Ed­die Rut­ledge gets life plus 30 years in wit­ness’ shoot­ing.

The Palm Beach Post - - LOCAL & BUSINESS - By Jorge Mil­ian Palm Beach Post Staff Writer jmil­ Twit­ter: @caneswatch

WEST PALM BEACH — For the se­cond time, a Palm Beach Gar­dens man was found guilty in the 2007 slay­ing of another city res­i­dent who was about to tes­tify against him in a bur­glary case.

Judge Charles E. Bur­ton sen­tenced Ed­die Rut­ledge to life in prison plus 30 years for con­spir­acy to com­mit mur­der im­me­di­ately af­ter the 12-per­son jury an­nounced its ver­dict on Mon­day. It had de­lib­er­ated for about four hours.

Rut­ledge re­peat­edly told Bur­ton that he didn’t kill Ge­orge Man­nar­ino and im­plied that a wit­ness in the case was the real killer.

“I didn’t kill Mr. Man­nar­ino and didn’t wish for him to die,” Rut­ledge said in post-ver­dict com­ments.

De­fense at­tor­neys painted Rut­ledge as a vic­tim of cir­cum­stan­tial ev­i­dence in mak­ing their clos­ing ar­gu­ments Mon­day, while pros­e­cu­tors por­trayed him as a bru­tal killer who “went hunt­ing for a hu­man be­ing.”

Rut­ledge was charged in the Nov. 25, 2007, slay­ing of Man­nar­ino, who was sched­uled to tes­tify against him the next day in a bur­glary case. The 4th Dis­trict Court of Ap­peal in 2014 threw out Rut­ledge’s 2010 con­vic­tion in Palm Beach County Cir­cuit Court, say­ing the judge should have in­ves­ti­gated a de­fense at­tor­ney’s claims that she was be­ing in­ves­ti­gated for wit­ness tam­per­ing be­fore find­ing Rut­ledge guilty.

The jury found that Rut­ledge, 34, used a ri­fle equipped with a scope to shoot Man­nar­ino, 45, in the neck while he smoked a cig­a­rette out­side his Palm Beach Gar­dens home in the Oaks East com­mu­nity.

Man­nar­ino, who owned a pres­sure-wash­ing busi­ness, had watched Rut­ledge and a se­cond man bur­glar­ize the home of a neigh­bor and was set to tes­tify. Man­nar­ino died in­stantly af­ter a hol­low-point bul­let sev­ered his carotid artery.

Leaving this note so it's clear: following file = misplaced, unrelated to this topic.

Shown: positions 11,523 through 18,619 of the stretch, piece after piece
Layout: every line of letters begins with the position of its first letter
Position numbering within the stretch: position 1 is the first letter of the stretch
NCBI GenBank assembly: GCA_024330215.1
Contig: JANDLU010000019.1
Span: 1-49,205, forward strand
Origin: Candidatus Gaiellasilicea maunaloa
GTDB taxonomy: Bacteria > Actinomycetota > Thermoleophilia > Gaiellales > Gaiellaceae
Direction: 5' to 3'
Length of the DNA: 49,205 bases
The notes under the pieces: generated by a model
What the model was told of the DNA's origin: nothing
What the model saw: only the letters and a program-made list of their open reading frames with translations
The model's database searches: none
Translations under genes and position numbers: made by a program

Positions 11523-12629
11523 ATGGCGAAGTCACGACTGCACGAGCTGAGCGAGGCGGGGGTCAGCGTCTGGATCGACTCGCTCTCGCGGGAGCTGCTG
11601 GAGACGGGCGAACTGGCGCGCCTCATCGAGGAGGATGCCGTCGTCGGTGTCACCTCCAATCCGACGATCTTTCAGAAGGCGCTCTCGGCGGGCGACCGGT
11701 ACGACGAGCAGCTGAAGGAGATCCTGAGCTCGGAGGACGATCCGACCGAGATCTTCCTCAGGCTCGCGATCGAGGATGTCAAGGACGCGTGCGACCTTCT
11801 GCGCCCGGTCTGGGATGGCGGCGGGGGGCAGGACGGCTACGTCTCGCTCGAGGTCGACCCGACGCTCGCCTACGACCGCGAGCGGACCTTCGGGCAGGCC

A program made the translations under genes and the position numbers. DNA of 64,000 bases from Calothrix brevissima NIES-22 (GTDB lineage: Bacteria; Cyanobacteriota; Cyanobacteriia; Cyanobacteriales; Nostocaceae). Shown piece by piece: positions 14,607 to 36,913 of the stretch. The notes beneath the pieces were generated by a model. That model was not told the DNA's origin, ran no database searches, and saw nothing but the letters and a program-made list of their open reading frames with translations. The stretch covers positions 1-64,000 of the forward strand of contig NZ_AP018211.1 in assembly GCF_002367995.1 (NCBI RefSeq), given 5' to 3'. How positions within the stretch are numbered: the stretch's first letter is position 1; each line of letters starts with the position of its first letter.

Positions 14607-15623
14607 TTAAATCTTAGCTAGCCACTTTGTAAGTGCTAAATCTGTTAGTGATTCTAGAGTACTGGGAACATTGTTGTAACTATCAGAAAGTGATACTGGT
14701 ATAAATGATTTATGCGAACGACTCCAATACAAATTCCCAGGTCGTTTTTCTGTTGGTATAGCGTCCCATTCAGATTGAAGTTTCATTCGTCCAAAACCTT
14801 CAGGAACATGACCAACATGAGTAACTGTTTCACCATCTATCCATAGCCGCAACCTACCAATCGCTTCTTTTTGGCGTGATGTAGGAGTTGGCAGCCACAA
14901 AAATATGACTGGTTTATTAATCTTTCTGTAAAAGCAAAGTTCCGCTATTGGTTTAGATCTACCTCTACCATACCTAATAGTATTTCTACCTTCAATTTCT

“He did not want Mr. Man­nar­ino to sur­vive this,” as­sis­tant state at­tor­ney Lau­ren God­den told the 10 men and two women on the jury.

Dur­ing clos­ing ar­gu­ments, de­fense at­tor­ney Christo­pher Had­dad con­ceded to jurors that Rut­ledge, a felon, is “far from per­fect” and that “this guy is no an­gel,” but said Rut­ledge didn’t com­mit mur­der.

Had­dad at­tacked the ve­rac­ity both of those tes­ti­fy­ing and the pros­e­cu­tion’s DNA ev­i­dence, while adding that the state’s case was built on a frame­work of cir­cum­stan­tial ev­i­dence. Had­dad spec­u­lated that Ke­nakil Chuka Gib­son, who al­legedly ac­com­pa­nied Rut­ledge in the bur­glary, may have pulled the trig­ger on the weapon that killed Man­nar­ino. Only Rut­ledge’s DNA was found on that trig­ger, ac­cord­ing to tes­ti­mony.

Gib­son, 32, was con­victed of Man­nar­ino’s mur­der six years ago and is serv­ing a life sen­tence.

“What you have is hole af­ter hole af­ter hole af­ter hole in the state’s case,” Had­dad said.

God­den told jurors that Man­nar­ino was shot in the neck from 72 yards away. Rut­ledge was hid­ing in bushes nearby when he fired the fa­tal shot and dropped the ri­fle at the scene and fled in a ve­hi­cle, pros­ecu- tors said.

Rut­ledge had ex­ten­sive mil­i­tary train­ing in us­ing guns, another state pros­e­cu­tor, An­drew Slater, said in pre­sent­ing a re­but­tal ar­gu­ment to Had­dad.

Shortly be­fore reach­ing a ver­dict, the jury re­turned to the court­room to hear a read­ing of tes­ti­mony given by Ray­mond Feli­ciano, who said he was al­legedly re­cruited by Rut­ledge as a hit man to kill Man­nar­ino.

Af­ter a meet­ing at Rut­ledge’s home, Feli­ciano told Rut­ledge he wouldn’t kill Man­nar­ino be­cause he was a drug dealer and not a mur­derer.

An­noyed at his re­fusal to kill Man­nar­ino, Feli­ciano said Rut­ledge stated, “(Ex­ple­tive) it. I’ll do it my­self.”

Af­ter his ver­dict was an­nounced, Rut­ledge strongly im­plied to the judge that it was Feli­ciano who killed Man­nar­ino.


Ed­die “Vince” Rut­ledge talks with his at­tor­ney, Christo­pher Had­dad, be­fore clos­ing ar­gu­ments in his re­trial Mon­day morn­ing. Rut­ledge is ac­cused of the ex­e­cu­tion-style mur­der of a Palm Beach Gar­dens man in 2007.

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